[Solved] Changing inital value of guess for custom min/max range

I may be getting ahead of myself here, since I’m only on Lecture 19, but I was thinking of improving the NumberWizard game by allowing the user to select the range of numbers they could choose from, and automatically calculating the initial guess value as halfway between the two.

Keeping the 1-1000 range as a placeholder for now, I reasoned that you could express the initial guess value like this before the “void Start ()”:

int min = 1;
int max = 1000;
int guess = (max + min) * 0.5;

Instead, I’m get this error message instead:
“Assets/Scripts/NumberWizard.cs(9,22): error CS0236: A field initializer cannot reference the nonstatic field, method, or property `NumberWizard.max’”

Given that line 9 is the “int guess” statement, something’s clearly wrong with the language I’ve used there. What would the correct way to write that line be?

1 Like

Hi @Felidus, absolutely nothing wrong with getting ahead of one’s self - great way to learn and push yourself :slight_smile:

The issue appears to be with something called NumberWizard.max, if I had to guess without seeing the code I would suggest there may be a missing bracket, curly brace or semi-colon somewhere.

Post up the full code for your NumberWizard.cs file and let’s see if we can resolve it together :slight_smile:

Hi Rob, good to know that I’m doing something right! The code as it stands so far is here: https://gist.github.com/anonymous/423a09185a635b760d9abfcb66973978
It works perfectly if I change line 9 back to “int guess = 500;”, which is why I assumed it was specifically something about C# not liking “(max + min) * 0.5”.

I wouldn’t be surprised if I missed a curly bracket somewhere, though. I’m coming to this course off a very basic knowledge of Python, which doesn’t use them like C# does, and I’m finding them a bit confusing. I understand that they indicate groups of statements, but they seem to be optional - the “if” and “else if” statements from lecture 18 seemed to work fine without them. This is a bit off-topic here, but are there specific rules to when they’re required, and how they’re supposed to be formatted?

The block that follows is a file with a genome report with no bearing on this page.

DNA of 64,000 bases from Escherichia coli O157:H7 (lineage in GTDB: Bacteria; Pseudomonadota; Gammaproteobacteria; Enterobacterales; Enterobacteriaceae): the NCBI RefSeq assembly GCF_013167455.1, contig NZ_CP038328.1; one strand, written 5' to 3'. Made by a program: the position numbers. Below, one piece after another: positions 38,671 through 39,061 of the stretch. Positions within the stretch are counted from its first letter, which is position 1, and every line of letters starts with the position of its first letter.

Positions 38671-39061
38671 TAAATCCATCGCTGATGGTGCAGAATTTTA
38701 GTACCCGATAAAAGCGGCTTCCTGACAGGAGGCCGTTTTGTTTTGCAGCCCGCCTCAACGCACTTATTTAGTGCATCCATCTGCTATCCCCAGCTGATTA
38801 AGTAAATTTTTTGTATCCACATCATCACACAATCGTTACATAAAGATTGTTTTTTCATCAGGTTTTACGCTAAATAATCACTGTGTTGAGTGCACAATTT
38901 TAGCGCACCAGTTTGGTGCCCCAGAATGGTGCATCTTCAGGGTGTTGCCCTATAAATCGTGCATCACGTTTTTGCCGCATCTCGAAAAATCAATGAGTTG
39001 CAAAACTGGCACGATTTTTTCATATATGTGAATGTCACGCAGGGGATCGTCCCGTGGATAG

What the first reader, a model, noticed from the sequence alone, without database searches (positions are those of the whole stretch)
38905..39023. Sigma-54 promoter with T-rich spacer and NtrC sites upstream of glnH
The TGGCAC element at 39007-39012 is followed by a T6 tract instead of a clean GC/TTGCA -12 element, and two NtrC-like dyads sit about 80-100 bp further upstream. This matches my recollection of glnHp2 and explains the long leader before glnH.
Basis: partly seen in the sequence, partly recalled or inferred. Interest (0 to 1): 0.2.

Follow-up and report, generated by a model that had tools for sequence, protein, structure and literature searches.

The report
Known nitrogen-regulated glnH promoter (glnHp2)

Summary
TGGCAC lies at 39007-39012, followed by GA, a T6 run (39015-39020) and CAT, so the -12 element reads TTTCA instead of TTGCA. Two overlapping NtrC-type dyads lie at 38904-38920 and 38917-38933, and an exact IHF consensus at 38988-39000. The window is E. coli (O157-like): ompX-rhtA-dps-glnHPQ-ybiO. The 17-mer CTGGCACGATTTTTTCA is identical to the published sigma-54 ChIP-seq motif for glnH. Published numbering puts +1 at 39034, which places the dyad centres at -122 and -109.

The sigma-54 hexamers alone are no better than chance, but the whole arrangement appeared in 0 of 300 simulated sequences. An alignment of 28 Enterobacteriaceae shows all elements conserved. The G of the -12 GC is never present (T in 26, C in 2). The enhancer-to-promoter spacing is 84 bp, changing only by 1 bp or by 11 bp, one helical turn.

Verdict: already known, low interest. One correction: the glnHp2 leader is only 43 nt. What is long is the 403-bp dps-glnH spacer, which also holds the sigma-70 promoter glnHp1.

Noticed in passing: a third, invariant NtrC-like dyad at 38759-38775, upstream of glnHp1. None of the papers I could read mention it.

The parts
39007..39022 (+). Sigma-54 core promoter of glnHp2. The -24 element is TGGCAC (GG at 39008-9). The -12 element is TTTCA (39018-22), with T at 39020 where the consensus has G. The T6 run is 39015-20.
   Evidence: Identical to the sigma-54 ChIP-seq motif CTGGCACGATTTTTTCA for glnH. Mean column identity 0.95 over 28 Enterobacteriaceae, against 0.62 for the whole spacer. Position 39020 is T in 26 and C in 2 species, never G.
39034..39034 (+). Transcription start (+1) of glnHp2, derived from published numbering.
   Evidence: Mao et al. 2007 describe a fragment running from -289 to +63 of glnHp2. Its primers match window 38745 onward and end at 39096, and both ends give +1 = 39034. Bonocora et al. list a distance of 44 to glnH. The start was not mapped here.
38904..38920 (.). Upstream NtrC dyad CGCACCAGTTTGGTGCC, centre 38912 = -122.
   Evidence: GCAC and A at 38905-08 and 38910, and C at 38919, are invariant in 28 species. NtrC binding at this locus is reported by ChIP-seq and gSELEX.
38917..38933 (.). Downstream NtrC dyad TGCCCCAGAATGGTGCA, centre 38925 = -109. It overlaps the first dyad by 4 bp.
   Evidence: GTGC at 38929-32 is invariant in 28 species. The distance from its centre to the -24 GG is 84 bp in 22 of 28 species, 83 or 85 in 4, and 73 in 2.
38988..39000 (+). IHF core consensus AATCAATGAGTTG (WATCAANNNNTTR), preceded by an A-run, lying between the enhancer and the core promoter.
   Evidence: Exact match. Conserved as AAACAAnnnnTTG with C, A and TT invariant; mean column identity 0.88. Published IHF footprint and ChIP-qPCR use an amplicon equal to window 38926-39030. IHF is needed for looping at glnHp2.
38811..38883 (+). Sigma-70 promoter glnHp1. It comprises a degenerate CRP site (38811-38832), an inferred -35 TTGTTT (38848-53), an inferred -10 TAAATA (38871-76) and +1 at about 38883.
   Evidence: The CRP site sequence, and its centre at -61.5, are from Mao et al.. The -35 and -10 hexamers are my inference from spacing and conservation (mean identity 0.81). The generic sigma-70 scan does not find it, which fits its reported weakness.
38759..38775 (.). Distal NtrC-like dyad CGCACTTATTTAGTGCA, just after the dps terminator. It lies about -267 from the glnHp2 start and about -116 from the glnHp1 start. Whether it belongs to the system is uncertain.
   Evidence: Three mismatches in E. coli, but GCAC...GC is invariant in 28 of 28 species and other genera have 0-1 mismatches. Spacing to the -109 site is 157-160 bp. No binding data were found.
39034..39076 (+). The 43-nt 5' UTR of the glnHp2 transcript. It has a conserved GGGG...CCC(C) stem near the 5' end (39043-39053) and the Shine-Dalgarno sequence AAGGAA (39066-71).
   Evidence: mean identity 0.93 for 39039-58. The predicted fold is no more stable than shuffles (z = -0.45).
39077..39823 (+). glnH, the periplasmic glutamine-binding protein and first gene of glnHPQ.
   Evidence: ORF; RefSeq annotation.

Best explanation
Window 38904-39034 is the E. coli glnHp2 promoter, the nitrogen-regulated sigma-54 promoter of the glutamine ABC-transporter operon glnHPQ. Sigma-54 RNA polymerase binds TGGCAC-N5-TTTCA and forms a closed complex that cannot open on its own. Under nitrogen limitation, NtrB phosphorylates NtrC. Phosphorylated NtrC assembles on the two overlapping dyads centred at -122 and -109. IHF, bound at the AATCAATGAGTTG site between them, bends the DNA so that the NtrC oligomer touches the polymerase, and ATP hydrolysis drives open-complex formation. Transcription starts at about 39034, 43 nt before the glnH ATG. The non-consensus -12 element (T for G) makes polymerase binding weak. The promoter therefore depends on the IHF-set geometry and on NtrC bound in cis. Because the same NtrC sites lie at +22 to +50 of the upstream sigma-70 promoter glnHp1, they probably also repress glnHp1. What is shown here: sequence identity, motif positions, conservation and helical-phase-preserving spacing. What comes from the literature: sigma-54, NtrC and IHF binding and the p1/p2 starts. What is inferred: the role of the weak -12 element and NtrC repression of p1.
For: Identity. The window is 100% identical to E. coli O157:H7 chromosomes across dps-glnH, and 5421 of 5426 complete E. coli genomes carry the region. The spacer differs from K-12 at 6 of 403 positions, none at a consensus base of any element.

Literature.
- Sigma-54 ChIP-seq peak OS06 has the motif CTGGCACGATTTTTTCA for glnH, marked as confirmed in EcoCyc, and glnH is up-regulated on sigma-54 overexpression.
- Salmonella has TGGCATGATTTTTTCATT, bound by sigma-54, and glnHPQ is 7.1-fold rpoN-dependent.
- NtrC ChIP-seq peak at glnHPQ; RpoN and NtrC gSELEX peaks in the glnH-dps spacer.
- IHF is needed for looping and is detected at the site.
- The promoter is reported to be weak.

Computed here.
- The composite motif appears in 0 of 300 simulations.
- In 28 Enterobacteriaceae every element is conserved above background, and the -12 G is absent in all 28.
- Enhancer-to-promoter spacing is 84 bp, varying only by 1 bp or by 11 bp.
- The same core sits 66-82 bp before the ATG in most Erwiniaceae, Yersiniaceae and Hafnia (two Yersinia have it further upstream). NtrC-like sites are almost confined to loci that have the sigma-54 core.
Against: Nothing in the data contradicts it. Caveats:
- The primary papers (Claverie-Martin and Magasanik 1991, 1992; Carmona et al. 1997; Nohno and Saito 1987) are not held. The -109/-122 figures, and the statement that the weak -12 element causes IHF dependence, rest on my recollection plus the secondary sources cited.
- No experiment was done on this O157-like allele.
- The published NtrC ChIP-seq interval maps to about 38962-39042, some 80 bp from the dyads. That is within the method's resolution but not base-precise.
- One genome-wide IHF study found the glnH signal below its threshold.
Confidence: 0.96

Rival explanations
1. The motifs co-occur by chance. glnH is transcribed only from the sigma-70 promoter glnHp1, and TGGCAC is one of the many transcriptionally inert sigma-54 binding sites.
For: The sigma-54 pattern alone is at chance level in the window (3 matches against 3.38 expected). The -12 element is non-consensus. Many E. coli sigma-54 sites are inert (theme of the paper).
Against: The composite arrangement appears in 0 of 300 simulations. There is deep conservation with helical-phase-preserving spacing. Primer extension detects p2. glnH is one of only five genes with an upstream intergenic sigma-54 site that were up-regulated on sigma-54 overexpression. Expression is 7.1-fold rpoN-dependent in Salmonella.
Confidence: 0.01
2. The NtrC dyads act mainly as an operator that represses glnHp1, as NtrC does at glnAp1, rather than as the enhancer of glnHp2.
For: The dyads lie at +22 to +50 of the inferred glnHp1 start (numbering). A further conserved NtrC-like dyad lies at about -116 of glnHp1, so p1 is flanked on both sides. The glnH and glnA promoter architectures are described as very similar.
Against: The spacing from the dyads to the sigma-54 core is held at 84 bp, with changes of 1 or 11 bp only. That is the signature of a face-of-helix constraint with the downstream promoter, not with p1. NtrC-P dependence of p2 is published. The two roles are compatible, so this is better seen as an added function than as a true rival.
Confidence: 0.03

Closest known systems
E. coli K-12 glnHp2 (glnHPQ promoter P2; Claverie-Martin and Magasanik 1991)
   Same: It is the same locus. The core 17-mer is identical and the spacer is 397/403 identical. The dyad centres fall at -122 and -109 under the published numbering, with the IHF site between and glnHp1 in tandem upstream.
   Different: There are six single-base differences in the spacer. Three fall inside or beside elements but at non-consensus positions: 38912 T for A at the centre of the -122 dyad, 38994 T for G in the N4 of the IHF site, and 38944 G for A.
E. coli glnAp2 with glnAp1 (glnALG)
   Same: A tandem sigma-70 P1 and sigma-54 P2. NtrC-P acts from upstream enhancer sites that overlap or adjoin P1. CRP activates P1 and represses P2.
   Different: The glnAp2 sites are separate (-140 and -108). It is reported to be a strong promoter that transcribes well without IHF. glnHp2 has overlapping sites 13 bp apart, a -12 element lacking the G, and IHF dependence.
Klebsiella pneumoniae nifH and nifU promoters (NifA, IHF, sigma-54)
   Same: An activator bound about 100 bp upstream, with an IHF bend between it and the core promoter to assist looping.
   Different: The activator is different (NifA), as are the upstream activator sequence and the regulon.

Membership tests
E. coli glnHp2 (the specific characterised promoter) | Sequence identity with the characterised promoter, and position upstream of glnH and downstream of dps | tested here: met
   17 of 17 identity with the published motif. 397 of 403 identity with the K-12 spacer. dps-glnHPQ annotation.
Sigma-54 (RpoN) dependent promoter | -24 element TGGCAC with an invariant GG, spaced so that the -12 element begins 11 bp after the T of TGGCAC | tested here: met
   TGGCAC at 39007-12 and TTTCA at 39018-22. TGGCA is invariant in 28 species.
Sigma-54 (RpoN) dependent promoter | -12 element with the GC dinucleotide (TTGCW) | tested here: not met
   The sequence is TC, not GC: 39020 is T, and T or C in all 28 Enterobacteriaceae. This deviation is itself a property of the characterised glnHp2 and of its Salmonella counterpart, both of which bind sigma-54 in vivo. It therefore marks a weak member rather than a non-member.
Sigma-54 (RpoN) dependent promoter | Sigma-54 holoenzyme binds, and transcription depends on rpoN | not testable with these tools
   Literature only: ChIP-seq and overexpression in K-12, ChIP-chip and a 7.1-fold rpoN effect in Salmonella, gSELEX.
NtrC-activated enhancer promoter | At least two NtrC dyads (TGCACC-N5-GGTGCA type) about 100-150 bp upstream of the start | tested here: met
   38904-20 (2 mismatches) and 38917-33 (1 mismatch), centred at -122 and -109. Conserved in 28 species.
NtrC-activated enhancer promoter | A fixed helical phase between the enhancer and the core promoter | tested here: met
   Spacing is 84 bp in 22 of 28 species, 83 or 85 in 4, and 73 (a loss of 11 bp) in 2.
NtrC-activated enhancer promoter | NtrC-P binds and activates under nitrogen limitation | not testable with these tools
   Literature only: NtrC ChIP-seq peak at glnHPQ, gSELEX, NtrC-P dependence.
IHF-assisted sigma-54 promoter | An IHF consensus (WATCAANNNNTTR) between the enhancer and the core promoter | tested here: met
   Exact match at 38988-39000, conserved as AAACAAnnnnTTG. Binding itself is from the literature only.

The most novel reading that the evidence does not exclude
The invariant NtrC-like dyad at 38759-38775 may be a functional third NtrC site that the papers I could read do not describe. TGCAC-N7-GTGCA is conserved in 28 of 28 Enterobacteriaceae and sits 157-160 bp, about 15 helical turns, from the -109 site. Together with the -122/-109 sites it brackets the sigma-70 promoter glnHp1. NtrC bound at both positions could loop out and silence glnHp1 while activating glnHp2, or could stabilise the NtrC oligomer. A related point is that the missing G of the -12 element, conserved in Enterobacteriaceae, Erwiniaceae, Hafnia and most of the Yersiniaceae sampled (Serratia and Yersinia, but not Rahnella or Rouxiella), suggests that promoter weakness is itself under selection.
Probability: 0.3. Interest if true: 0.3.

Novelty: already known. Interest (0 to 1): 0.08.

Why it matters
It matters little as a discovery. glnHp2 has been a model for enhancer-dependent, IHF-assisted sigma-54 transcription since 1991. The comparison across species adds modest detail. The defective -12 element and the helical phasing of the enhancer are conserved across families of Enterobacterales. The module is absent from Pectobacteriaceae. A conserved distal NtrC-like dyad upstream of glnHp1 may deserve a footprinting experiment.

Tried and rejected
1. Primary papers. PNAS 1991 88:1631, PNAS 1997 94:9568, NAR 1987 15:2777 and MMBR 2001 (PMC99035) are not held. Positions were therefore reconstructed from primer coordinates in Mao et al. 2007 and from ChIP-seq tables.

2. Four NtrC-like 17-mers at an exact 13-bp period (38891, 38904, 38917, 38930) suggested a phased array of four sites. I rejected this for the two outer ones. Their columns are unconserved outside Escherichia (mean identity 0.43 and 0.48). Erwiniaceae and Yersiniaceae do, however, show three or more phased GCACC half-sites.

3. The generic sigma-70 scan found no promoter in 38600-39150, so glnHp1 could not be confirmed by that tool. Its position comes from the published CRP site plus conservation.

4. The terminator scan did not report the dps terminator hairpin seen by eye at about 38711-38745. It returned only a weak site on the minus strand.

1 Like

You may have a couple of issues here…

The fields are being defined within the class, but the class has yet to be initialised, as such, min and max effectively don’t exist, but you are trying to access them in guess when you state int guess = (max + min) * 0.5.

You may want to perhaps re-write it along the lines of this;

private int min;
private int max;
private int guess;

private void Start() {

private void Initialise() {
    min = 1;
    max = 1000;
    guess = (max + min) / 2;

The next issue you’d have received would be to do with the guess = (max + min) * 0.5; - you can’t multiply an int and a double like that. Hence the guess = (max + min) / 2 which will give you the same end result.

Regarding the curly braces { } - these will indicate code blocks, so, for an if / else if / else example;

if (guess == 100) {
    // guess equals 100, do something
else if (guess == 200)
    // guess did not equal 200, do something else
    // guess did not equal 100 or 200, do something completely different

It may have been the semi-colon you meant with regards to it not being required, however, within the above example it would be required at the end of a statement within those code blocks, e.g.

if (guess == 100) {
    Debug.Log("Guess equals 100!");  // semi colon at the end of the statement

Hope this helps :slight_smile:

Updated Wed Nov 23 2016 23:32

You could always cast the result of the calculation to an int I suppose, it gets a bit, well, brackety! :wink:

guess = (int)((max + min) * 0.5);

Wow, that was definitely a thorough answer! Thanks a lot, that seems to have fixed everything. Having to declare the variables first seemed a little weird at first, but now I’ve finished the whole section of the course I think I understand how and why it works!

I did have a weird minor bug when I re-wrote that section of the code along the lines of your version, though. When I tested it, each of the logs appeared in the console twice - when I started the game, it printed the four lines and then immediately printed them again, and so on. I should have taken a picture first, but closing and re-opening Unity and Monodevelop fixed the issue, and I haven’t been able to replicate it. Any idea what happened there?

Oh, and I’m using “guess = Random.Range (min,max);” now, but beforehand I did change it to “(max + min) / 2”. You’re right, it is a lot less brackety that way!

You could still set;

min = 1;
max = 1000;

as you were before, but it’s the guess variable where it tries to use them that is the problem, and, if you are going to have to have a bit of code, tucked nicely away in an initialisation method for that, you might as well use it for the other two as well :slight_smile:

hmmm, not off the top of my head, not without seeing all the code and the errors etc… sorry…

hehe, the KISS Principle :wink:

Privacy & Terms